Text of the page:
A large contributor to this state of affairs is the relatively low number of post-graduate student numbers across the continent combined with the increases in student enrolment in universities in undergraduate degree programmes mostly linked to non-STEM courses.

Coupled with the STEM shortage, there is also a shortage of experienced and qualified management staff across the continent.

This leads to a constant merry-go-round of talent in many markets as companies poach staff from each other. This in turn causes ever-increasing premiums for certain staff and also interferes with internal development and succession as critical positions often become vacant before internal development candidates are ready.

It is vital that companies obtain a clear and objective view of which staff job families are running at premiums due to talent shortages as well as what those premiums are. One way of obtaining this data is by running a customised survey that invites the participation of other companies in the same sector or competing for the same talent. The survey will indicate what premiums are applied for relevant staff which will help add some reality to the cycle of constant remuneration increases that many scarce job types experience.

This can be complemented by an Integrated Talent Management approach, which does not only require a focus on remuneration but the total employee experience.

It is vital to build employment branding and the Employee Value Proposition around the attributes that matter most to the talent segments that a company wants to attract and retain by delivering a compelling mission, agility, interesting work, exciting career choices, skill advancement opportunities as well as appropriate rewards.

Workforce planning

The use of analytics in assisting businesses to ensure that workforce composition is properly planned, resourced and allocated, has become an ever-increasing theme over the last five years. This proper use of the vast reams of staff data that most companies possess has assumed an even greater importance post-Covid in helping to determine how many staff are required in light of new working models.

New working models that have evolved go beyond the traditional full-time employment (FTE) status approach used over the last century. Contract workers, including seasonal, fixed-term and fixed-project (the so-called gigabyte workers), project teams and work-from-home staff have all become a greater part of the staffing mix.

While the talent shortages experienced across the continent have been highlighted in more detail above, many low-discretion level jobs across a number of industries experience far less staff attrition than in developed economies with workers electing to stay with one employer as long as they can. As a result, tenure periods of 20 to 30 years are far more common in Africa than in other parts of the world. This adds to the need to gain a more accurate view of talent pipelines that could be influenced by long-tenure retirements.

The use of contract staff is widespread in Africa. Employers hiring casual workers do not have to offer permanently fixed working hours – or workload – to their staff. This results in cost efficiency gains because staff costs (wages and wage-related ancillary costs like social protection) only arise when the workload requires staff. The theory would state that these cost savings can result in productivity gains if the same or higher output can be produced at the same or higher quality for less expense.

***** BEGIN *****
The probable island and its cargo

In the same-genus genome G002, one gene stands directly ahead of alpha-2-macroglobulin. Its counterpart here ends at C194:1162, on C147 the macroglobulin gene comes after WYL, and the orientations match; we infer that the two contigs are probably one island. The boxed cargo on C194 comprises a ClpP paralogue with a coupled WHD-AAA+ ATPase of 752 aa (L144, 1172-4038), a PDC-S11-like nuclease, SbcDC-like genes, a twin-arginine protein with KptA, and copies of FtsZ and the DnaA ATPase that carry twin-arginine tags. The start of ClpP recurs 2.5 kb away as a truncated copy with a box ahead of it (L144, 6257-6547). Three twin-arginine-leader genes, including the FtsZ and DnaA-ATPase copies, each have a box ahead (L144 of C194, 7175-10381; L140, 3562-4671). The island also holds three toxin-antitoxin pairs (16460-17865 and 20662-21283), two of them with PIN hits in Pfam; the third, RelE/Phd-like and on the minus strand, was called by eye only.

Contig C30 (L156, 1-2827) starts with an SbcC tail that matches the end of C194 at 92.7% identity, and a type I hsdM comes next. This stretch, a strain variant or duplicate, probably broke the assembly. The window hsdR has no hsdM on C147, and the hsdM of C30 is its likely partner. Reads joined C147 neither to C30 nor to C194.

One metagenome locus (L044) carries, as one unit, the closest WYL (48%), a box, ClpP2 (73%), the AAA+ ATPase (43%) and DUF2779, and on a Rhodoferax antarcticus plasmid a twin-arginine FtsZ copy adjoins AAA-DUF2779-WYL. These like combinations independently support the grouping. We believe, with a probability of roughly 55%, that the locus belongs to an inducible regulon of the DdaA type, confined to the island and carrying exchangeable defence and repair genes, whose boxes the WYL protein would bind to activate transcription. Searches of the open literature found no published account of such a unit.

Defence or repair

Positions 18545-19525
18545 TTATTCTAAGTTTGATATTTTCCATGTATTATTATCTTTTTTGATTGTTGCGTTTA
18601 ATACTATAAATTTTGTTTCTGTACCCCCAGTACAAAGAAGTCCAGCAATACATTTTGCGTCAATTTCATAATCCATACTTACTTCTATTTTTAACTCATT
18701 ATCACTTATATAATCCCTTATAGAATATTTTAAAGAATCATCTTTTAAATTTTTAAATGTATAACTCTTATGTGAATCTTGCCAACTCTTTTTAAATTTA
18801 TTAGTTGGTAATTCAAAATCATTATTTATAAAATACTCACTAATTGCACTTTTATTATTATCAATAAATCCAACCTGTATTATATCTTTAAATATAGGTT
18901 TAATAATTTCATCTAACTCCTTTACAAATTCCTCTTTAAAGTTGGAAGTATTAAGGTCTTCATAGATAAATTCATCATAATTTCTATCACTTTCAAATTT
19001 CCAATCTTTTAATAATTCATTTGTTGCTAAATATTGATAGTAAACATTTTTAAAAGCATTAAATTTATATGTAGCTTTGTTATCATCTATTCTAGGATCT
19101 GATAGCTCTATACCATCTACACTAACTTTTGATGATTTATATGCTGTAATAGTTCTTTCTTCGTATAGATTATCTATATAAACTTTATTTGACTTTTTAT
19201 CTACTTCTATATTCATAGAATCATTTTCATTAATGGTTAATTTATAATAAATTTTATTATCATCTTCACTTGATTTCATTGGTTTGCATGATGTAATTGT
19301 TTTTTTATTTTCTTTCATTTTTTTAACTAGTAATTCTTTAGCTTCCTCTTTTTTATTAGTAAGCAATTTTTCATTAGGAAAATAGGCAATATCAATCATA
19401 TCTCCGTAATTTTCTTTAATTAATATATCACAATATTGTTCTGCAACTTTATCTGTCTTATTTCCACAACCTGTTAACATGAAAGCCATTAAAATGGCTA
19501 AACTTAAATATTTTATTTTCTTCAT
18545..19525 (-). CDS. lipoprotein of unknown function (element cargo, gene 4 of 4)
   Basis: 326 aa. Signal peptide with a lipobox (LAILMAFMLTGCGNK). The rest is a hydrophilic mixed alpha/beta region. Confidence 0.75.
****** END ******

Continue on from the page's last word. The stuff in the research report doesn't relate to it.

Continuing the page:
Our experience has shown that in many instances, companies that operate in industries that require large contract worker elements, either due to seasonal or project requirements, are often over-resourced in terms of FTE versus contract staff. This is often a result of inadequate central resource planning, disparate HR systems and a silo approach to contract staff needs. The benefits which the model should bring are not realised with the reverse often happening—higher costs and lower productivity.

A more integrated approach to Strategic Workforce Planning (SWP) promises a data-driven approach towards people planning, attrition and flight risk, talent and pipeline management, recruitment analytics, under-performance risks, remuneration and benefits and real-time employee engagement and sentiment analysis.

Companies making proper use of their analytical staff data can more accurately determine key capacity planning questions such as what productivity targets are required on various segments of the workforce, how should staffing levels within every job function and level, be decided and how many staff need to be hired and/or promoted over time in order to achieve these staffing levels, while carefully managing for loss of employees through resignations that cannot be controlled.


With so many differentials and issues at play across the continent, it’s easy to see how companies and multinationals end up with ill-informed pay and talent strategies that do not accomplish their stated intentions.

Following a ‘one-size-fits-all approach’ will also not suffice, as has been discussed. Africa remains an attractive and often underexplored market that promises rich returns to companies that can adapt and get it right. By utilising the latest good-practice methodologies coupled with knowledge of local and regional practices, companies will be in a better position to attract and retain the correct talent required and make a success of their operations in Africa.

Shaun Barnes is the Executive Director at 21st Century.

By Editor